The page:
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Tracking down virulence in plague

PLAGUE is potentially a deadly agent of bioterrorism. Unlike anthrax, which has been so much in the news lately, plague is highly infectious and can be readily passed from one person to another. The bite of a plague-infected flea or the inhalation of just a few cells of plague bacterium can kill. Like smallpox, plague can spread and kill large numbers of people very quickly. Fortunately, it can usually be treated with antibiotics.

History tells us how devastating a plague epidemic can be. In what is known as the Justinian epidemic, from 540 to 590 AD, plague spread from Lower Egypt to Alexandria to Palestine and on to the Middle East and Asia. At its peak, 10,000 deaths occurred every day in Byzantium. Eight hundred years later, in 1347, plague came to Italy from Asia or Africa, probably by ship. By 1351, fully one-third of Europe's population had died from bubonic plague.

This European epidemic is known as the Black Death or the Great Pestilence. In 1894, when Andre Yersin identified the tiny bacterium that causes plague, he named it pestis after the Great Pestilence. He tried to name the genus Pasteurella after his mentor, Louis Pasteur. But Yersinia, after its discoverer, is the name that stuck.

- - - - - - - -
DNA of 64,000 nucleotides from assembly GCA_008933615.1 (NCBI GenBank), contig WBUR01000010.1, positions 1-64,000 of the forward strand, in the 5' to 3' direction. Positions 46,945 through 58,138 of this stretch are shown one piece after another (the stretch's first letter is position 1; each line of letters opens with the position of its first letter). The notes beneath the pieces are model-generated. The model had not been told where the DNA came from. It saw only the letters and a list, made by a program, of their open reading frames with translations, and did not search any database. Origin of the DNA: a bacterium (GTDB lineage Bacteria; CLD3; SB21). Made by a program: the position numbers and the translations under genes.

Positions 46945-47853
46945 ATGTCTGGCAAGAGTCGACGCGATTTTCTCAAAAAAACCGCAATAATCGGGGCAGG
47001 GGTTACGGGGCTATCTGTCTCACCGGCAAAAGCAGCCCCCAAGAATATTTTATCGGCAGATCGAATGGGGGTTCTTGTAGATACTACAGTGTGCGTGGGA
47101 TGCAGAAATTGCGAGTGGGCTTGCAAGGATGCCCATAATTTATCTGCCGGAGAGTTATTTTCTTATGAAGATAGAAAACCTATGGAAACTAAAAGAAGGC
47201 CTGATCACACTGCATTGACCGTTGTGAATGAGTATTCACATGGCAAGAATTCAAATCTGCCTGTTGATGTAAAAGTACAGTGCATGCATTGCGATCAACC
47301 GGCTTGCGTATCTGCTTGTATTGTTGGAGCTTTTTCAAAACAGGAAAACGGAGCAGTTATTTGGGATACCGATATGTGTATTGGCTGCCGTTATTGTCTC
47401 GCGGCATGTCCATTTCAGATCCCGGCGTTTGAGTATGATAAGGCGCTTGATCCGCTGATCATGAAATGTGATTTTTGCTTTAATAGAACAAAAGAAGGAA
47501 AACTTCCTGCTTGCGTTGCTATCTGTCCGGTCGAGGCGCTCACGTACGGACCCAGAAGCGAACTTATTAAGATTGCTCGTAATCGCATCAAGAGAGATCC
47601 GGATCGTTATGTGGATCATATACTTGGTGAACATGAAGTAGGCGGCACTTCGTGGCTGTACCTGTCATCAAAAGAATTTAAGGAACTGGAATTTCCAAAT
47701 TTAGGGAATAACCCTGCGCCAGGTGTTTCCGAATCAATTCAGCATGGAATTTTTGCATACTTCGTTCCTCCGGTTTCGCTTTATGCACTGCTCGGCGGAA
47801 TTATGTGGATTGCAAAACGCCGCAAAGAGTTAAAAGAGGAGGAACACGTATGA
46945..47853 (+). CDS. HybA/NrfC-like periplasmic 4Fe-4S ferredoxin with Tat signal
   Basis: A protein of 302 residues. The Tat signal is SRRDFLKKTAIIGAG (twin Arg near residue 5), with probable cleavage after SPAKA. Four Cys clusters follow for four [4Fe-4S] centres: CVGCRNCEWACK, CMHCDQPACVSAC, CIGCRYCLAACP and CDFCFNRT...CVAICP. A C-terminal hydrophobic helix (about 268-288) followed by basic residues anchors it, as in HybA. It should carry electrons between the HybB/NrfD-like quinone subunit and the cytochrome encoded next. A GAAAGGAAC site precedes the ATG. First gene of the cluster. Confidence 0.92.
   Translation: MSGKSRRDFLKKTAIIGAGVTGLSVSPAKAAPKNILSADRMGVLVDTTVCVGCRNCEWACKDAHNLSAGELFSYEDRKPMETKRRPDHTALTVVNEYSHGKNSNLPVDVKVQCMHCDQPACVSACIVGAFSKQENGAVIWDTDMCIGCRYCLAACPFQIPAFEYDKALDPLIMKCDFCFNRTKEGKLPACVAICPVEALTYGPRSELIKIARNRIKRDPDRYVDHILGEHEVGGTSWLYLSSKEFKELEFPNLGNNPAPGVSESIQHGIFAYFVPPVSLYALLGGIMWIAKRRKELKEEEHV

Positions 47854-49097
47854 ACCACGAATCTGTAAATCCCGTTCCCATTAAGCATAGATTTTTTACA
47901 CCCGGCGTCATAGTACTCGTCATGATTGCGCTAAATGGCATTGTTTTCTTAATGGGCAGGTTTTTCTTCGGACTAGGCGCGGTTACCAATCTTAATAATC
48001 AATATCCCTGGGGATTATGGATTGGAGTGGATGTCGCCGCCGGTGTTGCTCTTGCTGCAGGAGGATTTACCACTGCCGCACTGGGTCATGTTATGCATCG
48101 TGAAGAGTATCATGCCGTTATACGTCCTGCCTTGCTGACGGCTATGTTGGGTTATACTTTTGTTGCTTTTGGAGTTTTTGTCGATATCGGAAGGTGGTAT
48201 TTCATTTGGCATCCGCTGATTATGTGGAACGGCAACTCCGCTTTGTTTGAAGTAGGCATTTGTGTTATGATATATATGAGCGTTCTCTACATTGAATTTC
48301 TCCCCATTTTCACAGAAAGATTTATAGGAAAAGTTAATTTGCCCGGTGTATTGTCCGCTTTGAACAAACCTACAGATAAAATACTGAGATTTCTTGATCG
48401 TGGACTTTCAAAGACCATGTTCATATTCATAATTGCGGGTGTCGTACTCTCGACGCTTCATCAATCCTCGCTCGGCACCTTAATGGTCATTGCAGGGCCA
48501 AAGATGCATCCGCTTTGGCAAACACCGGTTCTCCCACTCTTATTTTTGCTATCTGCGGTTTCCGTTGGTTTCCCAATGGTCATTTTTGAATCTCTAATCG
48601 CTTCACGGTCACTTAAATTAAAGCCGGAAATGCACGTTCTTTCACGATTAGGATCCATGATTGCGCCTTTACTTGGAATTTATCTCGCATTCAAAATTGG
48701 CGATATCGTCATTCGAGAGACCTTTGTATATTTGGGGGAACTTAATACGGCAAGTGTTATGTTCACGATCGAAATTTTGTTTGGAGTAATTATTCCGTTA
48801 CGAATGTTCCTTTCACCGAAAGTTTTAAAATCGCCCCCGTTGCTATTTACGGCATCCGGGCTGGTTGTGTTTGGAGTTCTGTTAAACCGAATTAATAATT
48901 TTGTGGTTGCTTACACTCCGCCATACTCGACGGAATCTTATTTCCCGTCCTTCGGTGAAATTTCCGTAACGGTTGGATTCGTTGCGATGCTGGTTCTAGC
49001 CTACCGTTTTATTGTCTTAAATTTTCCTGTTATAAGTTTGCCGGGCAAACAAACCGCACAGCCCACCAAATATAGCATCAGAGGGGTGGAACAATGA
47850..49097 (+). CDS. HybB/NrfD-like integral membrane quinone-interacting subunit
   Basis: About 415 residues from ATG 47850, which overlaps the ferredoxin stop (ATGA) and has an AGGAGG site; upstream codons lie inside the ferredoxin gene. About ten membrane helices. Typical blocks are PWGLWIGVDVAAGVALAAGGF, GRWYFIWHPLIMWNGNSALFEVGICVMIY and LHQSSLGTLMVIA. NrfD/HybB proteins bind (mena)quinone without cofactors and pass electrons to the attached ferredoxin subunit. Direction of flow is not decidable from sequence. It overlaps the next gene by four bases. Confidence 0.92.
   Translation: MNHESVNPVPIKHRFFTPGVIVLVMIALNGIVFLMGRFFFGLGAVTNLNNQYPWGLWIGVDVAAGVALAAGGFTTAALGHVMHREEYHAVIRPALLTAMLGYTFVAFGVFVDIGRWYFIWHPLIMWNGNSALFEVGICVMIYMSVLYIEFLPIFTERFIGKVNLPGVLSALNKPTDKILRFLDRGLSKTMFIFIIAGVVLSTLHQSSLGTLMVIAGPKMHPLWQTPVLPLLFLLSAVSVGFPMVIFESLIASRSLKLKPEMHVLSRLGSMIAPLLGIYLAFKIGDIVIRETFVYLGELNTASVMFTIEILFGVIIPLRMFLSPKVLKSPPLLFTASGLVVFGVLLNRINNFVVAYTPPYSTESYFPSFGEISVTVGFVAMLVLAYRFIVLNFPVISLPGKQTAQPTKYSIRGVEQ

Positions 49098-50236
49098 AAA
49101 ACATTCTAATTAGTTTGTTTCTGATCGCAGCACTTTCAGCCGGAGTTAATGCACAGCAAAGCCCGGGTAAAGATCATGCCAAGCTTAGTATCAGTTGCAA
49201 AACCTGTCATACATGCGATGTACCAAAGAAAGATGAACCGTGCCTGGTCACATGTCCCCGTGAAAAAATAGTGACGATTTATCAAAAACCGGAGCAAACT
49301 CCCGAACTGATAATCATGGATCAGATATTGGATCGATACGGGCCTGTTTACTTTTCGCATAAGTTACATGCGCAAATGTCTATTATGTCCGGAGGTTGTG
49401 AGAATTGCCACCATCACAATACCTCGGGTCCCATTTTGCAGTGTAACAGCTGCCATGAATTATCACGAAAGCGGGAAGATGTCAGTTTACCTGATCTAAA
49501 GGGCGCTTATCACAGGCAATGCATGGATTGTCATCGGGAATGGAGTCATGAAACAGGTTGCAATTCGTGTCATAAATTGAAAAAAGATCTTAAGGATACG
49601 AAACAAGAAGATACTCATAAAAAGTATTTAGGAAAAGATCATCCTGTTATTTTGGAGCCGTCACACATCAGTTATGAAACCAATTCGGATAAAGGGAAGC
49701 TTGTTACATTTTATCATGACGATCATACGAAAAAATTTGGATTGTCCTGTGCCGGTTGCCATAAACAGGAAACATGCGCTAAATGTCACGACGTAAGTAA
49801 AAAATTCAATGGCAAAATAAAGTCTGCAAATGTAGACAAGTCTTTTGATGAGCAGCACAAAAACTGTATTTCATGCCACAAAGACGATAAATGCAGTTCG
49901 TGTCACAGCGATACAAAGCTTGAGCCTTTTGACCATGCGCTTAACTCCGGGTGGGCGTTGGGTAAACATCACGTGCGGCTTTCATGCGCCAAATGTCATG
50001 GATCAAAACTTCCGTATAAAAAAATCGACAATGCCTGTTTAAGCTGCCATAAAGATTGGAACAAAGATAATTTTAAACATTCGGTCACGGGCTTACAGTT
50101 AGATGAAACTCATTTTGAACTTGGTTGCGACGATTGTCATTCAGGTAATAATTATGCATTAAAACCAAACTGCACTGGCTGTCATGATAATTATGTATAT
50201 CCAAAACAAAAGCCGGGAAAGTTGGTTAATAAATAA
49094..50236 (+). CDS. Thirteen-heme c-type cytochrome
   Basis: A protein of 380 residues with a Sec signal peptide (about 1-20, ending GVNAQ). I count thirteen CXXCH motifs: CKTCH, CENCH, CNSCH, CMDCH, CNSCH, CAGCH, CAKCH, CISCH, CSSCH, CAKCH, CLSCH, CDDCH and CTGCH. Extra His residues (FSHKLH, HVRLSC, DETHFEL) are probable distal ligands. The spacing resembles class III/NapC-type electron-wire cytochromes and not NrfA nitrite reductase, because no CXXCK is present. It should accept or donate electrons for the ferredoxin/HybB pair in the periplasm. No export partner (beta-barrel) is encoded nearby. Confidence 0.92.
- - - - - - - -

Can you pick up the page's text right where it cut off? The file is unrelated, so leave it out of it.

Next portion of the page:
Today, Yersinia pestis is one of several infectious diseases and agents of bioterrorism that researchers across the Department of Energy complex are studying as part of the Chemical and Biological National Security Program. This program comes under the purview of DOE's National Nuclear Security Administration (NNSA). At Livermore, the work on Y. pestis also receives support from Laboratory Directed Research and Development.

Scientists at Livermore have developed DNA signatures for Y. pestis that can be used to quickly detect and identify plague outbreaks. (See Uncovering Bioterrorism,S&TR, May 2000.) Signatures for nine strains of the disease have been submitted to the Centers for Disease Control and Prevention in Atlanta, Georgia, where they are undergoing a rigorous validation process.

Livermore's DNA-based detection method proved its mettle in northern Arizona last June when it was used to identify a plague outbreak in prairie dogs in just four hours. Standard detection processes, which require growing the suspected bacteria in a laboratory, take 36 to 48 hours.